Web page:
Decades of anti-racism laws have failed to tackle the root causes of prejudice, according to a new book.
Written for the Joseph Rowntree Foundation, Tackling the roots of racism warns there could be an increased backlash against ethnic minorities because of botched policies.
The authors, from Middlesex University, reviewed British research into the impact of race laws and equality measures, particularly those aimed at tackling discrimination at work and building bridges between different groups.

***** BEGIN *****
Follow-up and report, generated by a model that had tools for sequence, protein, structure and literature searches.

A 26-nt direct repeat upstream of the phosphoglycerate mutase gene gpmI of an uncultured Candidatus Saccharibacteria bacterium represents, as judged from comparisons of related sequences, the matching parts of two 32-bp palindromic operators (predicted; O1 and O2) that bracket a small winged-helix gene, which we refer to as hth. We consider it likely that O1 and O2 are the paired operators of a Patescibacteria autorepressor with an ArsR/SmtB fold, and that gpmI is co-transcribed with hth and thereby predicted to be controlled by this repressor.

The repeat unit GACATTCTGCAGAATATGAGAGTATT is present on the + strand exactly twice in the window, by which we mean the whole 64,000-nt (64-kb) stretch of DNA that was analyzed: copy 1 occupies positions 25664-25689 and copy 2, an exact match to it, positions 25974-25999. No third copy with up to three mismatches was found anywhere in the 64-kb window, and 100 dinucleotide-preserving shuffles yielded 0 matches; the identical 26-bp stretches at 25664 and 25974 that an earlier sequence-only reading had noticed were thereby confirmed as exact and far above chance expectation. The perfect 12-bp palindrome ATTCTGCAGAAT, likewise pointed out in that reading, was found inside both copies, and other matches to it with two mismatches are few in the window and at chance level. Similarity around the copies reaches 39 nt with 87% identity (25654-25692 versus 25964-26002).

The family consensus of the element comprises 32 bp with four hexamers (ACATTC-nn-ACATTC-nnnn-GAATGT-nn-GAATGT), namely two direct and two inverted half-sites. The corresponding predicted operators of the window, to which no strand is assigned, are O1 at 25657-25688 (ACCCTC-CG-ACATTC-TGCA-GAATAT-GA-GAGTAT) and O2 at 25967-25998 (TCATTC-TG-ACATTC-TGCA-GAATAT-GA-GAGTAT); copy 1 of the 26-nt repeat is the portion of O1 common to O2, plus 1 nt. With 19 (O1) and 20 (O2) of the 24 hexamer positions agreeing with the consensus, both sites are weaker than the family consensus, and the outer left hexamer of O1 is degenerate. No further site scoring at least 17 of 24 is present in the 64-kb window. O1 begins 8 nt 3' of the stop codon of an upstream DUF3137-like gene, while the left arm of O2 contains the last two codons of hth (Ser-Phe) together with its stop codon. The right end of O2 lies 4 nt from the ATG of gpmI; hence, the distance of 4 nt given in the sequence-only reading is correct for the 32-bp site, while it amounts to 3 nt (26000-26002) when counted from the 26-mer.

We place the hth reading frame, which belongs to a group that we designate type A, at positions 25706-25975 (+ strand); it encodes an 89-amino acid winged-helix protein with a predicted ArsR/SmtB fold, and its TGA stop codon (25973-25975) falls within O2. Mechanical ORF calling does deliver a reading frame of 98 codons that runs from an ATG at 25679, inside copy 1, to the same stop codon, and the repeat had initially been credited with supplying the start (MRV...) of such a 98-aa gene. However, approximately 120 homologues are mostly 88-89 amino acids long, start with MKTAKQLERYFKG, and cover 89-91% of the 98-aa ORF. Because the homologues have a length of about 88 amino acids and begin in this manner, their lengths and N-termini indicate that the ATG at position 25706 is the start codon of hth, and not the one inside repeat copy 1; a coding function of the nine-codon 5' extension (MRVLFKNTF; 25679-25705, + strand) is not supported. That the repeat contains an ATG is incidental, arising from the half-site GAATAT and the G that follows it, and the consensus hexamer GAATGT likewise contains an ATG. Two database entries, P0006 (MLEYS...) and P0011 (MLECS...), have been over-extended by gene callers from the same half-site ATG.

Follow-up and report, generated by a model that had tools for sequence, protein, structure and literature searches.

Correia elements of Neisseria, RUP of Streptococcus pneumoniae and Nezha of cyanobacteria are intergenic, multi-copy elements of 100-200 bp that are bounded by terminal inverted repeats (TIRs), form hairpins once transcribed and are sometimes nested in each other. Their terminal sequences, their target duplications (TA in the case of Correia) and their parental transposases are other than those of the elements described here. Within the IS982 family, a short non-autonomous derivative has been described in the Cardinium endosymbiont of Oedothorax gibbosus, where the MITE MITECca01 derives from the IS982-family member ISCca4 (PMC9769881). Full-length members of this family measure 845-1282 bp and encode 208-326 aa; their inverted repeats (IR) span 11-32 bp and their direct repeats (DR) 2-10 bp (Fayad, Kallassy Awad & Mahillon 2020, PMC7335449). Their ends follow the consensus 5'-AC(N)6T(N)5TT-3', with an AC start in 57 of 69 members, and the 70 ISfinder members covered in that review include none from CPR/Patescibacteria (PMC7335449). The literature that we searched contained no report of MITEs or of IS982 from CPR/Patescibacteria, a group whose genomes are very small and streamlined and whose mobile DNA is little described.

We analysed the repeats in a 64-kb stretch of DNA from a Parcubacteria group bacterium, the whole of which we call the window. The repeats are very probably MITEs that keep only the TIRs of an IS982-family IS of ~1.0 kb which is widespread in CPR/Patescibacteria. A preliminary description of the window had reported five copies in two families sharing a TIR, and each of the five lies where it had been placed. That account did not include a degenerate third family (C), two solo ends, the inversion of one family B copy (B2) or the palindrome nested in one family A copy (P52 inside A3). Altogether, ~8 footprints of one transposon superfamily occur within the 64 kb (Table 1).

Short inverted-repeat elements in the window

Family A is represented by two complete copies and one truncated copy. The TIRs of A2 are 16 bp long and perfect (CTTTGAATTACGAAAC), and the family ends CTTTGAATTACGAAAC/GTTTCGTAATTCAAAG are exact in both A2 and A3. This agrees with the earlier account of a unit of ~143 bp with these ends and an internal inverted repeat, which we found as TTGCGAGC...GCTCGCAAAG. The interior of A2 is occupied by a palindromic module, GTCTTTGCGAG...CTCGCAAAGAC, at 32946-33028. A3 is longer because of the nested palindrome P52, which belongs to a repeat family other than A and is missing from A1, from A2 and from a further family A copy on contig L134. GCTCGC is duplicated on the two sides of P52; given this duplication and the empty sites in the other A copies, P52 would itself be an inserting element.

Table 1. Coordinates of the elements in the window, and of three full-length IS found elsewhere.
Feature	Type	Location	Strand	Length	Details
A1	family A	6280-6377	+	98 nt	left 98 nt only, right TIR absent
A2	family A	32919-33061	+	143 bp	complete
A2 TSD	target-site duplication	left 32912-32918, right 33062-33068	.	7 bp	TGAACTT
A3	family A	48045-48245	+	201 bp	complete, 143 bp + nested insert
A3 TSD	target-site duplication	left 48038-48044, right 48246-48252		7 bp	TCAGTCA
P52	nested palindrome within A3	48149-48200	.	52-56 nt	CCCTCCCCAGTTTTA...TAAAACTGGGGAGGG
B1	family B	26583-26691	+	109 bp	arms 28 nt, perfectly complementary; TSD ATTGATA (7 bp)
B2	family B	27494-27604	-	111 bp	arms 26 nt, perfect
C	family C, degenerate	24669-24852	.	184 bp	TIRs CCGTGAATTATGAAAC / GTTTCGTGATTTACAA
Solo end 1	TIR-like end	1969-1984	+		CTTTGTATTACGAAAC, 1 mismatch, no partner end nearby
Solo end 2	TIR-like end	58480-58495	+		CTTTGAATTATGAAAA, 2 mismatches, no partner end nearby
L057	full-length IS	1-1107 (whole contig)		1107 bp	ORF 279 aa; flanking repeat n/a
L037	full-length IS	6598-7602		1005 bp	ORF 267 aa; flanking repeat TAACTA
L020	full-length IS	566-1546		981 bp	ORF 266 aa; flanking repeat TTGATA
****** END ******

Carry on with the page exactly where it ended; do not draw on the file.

They found that while policies had arguably made a different to the employment of minorities, they had not necessarily dealt with ingrained prejudices.
The authors warned that methods used to monitor performance or progress of employees could have the “unintended consequence” of compounding prejudice by focusing solely on the performance of black or Asian workers.
“Individuals do not necessarily act in racist ways, but attitudes and ideologies based on ideas about the supposed inferiority and subordination of certain groups are still deeply embedded in British society,” said co-author Dr Reena Bhavnani.